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Tuesday, February 7, 2012

What is in a Word?

The conversation went thus:
@ReginaHolliday: The most important element of any debate is not the argument, it is defining the words and terms
@motorcycle_guy: @ReginaHolliday I don't much care what you call it, so long as I understand what you are talking about.
@ReginaHolliday: @motorcycle_guy Really? The words we choose are just as important as their meaning, subtle differences tells us so much about world views.


Now I'm sure what I was talking about, and what Regina was talking about were two different things, and in general, I agree with her last statement.

Take for example the words "template" and "archetype".  These are different terms with nearly overlapping meaning used in slightly different ways by people with overlapping skills and affiliations (see Triplets for the definitions of these terms).

My own response was spurred on by more than two decades of shipping software where the names of things (products, screens, et cetera) were often changed by marketing at the last minute.  I got over any attachment to names a long time ago, and instituted development policies that enabled our processes to support name changes at the last minute.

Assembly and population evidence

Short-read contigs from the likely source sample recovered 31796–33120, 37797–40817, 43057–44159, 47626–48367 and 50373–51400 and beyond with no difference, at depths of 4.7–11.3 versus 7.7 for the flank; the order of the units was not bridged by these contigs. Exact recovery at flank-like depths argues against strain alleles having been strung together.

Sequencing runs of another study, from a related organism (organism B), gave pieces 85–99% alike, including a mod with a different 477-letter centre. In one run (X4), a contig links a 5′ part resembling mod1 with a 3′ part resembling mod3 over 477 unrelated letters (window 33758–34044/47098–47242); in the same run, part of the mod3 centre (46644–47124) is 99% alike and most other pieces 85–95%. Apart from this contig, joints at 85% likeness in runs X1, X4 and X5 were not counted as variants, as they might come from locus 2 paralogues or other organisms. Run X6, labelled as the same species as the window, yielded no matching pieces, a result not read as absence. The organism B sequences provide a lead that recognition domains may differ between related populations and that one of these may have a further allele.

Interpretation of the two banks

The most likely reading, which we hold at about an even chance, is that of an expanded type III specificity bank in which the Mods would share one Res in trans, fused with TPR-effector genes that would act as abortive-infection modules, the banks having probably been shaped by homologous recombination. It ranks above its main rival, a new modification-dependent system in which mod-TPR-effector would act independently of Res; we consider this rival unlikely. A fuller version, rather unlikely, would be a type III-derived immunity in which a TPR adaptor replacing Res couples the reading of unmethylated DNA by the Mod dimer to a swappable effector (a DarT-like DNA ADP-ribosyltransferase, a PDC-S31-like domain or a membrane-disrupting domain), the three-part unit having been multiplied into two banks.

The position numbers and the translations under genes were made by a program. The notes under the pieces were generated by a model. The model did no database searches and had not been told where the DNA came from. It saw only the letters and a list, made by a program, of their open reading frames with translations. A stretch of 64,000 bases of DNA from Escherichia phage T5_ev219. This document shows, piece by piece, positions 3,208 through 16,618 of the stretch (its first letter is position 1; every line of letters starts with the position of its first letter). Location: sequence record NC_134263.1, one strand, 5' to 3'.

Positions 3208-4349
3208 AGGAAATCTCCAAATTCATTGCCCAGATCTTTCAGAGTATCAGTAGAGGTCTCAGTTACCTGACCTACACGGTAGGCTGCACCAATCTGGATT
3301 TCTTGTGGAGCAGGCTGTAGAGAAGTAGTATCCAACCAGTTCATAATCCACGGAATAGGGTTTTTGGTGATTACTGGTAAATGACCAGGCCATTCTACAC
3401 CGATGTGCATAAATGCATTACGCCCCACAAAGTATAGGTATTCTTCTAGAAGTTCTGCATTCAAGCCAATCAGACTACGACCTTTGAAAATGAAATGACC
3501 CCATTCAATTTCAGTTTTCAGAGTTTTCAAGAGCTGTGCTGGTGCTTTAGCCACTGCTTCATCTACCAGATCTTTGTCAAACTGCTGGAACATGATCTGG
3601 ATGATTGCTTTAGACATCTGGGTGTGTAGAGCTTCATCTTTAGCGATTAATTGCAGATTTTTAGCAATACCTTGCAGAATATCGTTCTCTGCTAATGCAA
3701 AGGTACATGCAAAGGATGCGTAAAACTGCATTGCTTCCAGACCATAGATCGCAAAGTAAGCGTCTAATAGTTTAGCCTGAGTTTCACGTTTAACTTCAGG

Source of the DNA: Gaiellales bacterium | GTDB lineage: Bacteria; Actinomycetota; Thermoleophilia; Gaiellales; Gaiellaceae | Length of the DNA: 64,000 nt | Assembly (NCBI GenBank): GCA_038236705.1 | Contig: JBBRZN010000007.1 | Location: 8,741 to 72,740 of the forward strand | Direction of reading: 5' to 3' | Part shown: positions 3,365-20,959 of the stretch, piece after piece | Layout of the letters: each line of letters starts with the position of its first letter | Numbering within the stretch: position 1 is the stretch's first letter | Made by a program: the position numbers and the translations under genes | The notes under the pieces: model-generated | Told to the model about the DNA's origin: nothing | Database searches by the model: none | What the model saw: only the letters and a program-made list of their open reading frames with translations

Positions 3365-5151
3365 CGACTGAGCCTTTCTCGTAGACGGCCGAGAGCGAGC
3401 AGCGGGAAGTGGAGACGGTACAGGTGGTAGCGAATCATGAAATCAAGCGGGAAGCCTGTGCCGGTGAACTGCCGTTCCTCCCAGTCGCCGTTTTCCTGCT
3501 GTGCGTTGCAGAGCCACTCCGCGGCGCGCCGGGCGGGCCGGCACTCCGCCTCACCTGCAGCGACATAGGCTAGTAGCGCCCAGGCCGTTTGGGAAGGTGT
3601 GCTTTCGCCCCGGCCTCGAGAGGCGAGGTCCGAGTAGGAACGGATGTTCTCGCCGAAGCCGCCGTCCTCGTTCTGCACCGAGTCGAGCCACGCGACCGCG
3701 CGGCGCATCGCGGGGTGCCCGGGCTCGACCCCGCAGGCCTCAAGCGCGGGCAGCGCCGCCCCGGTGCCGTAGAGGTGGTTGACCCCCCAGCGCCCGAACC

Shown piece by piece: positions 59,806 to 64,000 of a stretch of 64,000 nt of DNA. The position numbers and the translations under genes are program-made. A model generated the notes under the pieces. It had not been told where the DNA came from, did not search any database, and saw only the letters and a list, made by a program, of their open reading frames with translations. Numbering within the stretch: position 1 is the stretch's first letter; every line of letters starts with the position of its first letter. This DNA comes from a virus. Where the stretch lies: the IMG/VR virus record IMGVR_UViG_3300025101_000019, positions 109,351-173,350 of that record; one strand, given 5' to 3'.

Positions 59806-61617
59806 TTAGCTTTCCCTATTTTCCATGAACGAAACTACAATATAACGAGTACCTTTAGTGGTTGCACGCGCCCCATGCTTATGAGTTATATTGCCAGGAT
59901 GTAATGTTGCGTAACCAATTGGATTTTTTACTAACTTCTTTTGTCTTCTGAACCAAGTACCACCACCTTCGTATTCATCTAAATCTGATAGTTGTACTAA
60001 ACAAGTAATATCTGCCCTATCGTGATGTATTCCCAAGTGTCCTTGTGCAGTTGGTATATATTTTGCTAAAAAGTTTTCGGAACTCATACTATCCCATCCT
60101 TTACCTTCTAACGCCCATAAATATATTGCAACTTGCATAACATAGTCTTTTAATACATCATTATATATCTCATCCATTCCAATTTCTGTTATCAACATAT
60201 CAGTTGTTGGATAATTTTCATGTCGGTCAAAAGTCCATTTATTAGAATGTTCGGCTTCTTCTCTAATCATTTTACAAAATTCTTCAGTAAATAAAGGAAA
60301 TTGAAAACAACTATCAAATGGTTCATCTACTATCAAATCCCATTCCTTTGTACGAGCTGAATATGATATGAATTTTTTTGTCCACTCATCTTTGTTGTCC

I'm pretty clear on the necessity of ensuring that all parties in the conversation have a clear understanding of the terms used.  I'm not particularly attached to any one term from one perspective.  But my children know that the definition of pedant is "father".  If you use a word in a particular context, it is important to to me to use it in the correct fashion.  Anyone who has traveled internationally to countries where they speak the same language as your native one should be able to understand the need for this.  The words may be the same, but the meaning is often quite different.

In order to be successful in the standards space, you have to be rather flexible with your context, but precise in the terms used within it.  The subtle differences in how a word is used it vitally linked to the context that a person is using them in.  So long as I understand your context (world view), it isn't important to me what the words are.

There are three possible outcomes of a debate:  Win/Win, Win/Lose and Lose/Lose.  Political debates most often end in the Win/Lose or Lose/Lose outcome.  In the ideal world, debates regarding standardization end with a win/win outcomes.  The exchange of views informs both parties, and the best outcome means that a decision gets made that is a win for all parties.

In this context (of standardization), the most important thing is to make sure that all parties in the debate understand the context (world view) and the terms used in that context.  If you cannot understand how the words are used, you won't be communicating.  If you aren't communicating, the most likely outcome will be lose/lose or win/lose.  In "my context", that's not the best outcome.

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